Mediation avoids all of these uncertainties because a successful mediation effectively ends a lawsuit. Neither party admits fault through the settlement and the settlement terms are confidential. Once settlement proceeds are received, a dismissal of the lawsuit is filed, formally ending the lawsuit.


Fanning hundred dollar bills out of wallet

The very nature of trial is that the outcome is unknown. Attorneys mitigate this by only taking on cases that are “worth” litigating and have a high chance of success or expected value. The skill of an attorney also dictates how well he can convince a jury to find for his client and award a judgment. However, a jury trial is still decided by twelve (12) strangers who ultimately decide the outcome of your case. Juries may unknowingly hold biases despite an attorneys best efforts to select a neutral, unbiased jury. Even the best case has the possibility to end in a loss, the only way to guarantee recovery is by settling your case. Mediation is a great, effective tool to achieve this goal.


The amount of monetary compensation awarded by a jury and the amount of one can actually collect are two often times wildly varying numbers. A large verdict means nothing to an injured plaintiff if there is no way for her to collect the money needed to treat those injuries. For example, many cases involve a clearly liable, bad-acting defendant who has no money, and another defendant with less degree of liability who is insured. The legal fight will often be on the liability of the defendant who can pay. The insurance maximum and whether the policy is open also dictates what one may net. Finally, the contributory negligence of the plaintiff ,if any,  may further reduce her net recovery at trial. Even if the amount offered at mediation is less than one could potentially gross at trial, you still may net more by settling at mediation because of cost considerations, appeals and the ability of the defendant to pay. For a more in depth discussion of case evaluation, click here: “What is my case worth?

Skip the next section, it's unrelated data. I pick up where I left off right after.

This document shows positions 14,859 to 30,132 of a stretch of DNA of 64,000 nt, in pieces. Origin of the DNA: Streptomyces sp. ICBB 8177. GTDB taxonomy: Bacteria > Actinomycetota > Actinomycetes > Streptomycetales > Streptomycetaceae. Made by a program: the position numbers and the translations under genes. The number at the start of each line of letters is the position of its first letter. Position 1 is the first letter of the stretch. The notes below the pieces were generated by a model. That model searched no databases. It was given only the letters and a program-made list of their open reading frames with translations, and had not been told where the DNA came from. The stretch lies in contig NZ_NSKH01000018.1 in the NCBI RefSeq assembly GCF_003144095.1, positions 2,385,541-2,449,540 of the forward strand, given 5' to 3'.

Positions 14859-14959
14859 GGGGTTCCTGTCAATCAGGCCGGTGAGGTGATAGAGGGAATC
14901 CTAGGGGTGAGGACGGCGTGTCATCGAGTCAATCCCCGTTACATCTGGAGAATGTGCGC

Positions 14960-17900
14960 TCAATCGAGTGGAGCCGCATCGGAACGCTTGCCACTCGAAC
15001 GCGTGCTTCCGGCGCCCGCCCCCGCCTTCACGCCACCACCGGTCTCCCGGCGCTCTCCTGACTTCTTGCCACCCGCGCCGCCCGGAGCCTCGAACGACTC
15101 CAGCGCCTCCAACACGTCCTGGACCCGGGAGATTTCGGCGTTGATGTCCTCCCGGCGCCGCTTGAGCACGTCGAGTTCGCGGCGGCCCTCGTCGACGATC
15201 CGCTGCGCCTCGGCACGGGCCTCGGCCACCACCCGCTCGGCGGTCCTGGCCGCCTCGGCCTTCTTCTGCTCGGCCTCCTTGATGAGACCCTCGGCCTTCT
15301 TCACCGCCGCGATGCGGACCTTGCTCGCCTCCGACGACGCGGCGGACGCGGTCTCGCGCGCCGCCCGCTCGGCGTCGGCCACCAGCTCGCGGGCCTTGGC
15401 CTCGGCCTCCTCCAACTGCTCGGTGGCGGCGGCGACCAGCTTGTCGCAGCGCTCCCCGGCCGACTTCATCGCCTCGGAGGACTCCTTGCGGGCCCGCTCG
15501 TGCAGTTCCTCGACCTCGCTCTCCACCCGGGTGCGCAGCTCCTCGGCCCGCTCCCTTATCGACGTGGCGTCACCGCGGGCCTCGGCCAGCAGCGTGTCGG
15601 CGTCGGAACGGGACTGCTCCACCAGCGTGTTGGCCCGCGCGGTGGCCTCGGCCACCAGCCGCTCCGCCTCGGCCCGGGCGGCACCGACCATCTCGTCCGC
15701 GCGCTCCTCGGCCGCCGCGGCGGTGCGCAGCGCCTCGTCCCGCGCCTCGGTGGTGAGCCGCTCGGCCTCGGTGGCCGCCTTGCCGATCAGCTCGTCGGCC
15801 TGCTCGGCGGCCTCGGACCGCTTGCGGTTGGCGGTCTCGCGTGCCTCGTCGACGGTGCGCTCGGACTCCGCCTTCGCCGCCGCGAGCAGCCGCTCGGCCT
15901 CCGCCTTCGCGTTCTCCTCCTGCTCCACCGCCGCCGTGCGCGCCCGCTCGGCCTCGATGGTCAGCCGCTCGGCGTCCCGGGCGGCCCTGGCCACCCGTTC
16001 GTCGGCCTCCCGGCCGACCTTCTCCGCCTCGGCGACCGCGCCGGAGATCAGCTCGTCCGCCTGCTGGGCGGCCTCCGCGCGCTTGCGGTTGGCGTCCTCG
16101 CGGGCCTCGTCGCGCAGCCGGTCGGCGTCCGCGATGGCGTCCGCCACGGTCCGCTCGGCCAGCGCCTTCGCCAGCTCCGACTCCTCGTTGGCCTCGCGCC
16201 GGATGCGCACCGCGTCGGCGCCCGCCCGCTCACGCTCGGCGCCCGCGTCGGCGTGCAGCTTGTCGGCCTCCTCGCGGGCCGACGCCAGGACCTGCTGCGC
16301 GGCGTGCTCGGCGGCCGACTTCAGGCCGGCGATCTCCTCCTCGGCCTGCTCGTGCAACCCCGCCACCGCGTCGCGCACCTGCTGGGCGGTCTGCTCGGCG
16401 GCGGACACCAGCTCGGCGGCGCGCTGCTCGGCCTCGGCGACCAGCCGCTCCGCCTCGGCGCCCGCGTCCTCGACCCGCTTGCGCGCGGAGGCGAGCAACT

DISCLAIMER: The content above is entirely the opinion of Pan Law Group, Inc. and should in no way be considered legal advice. Please contact us for a free legal consultation if you have any questions. Thank you.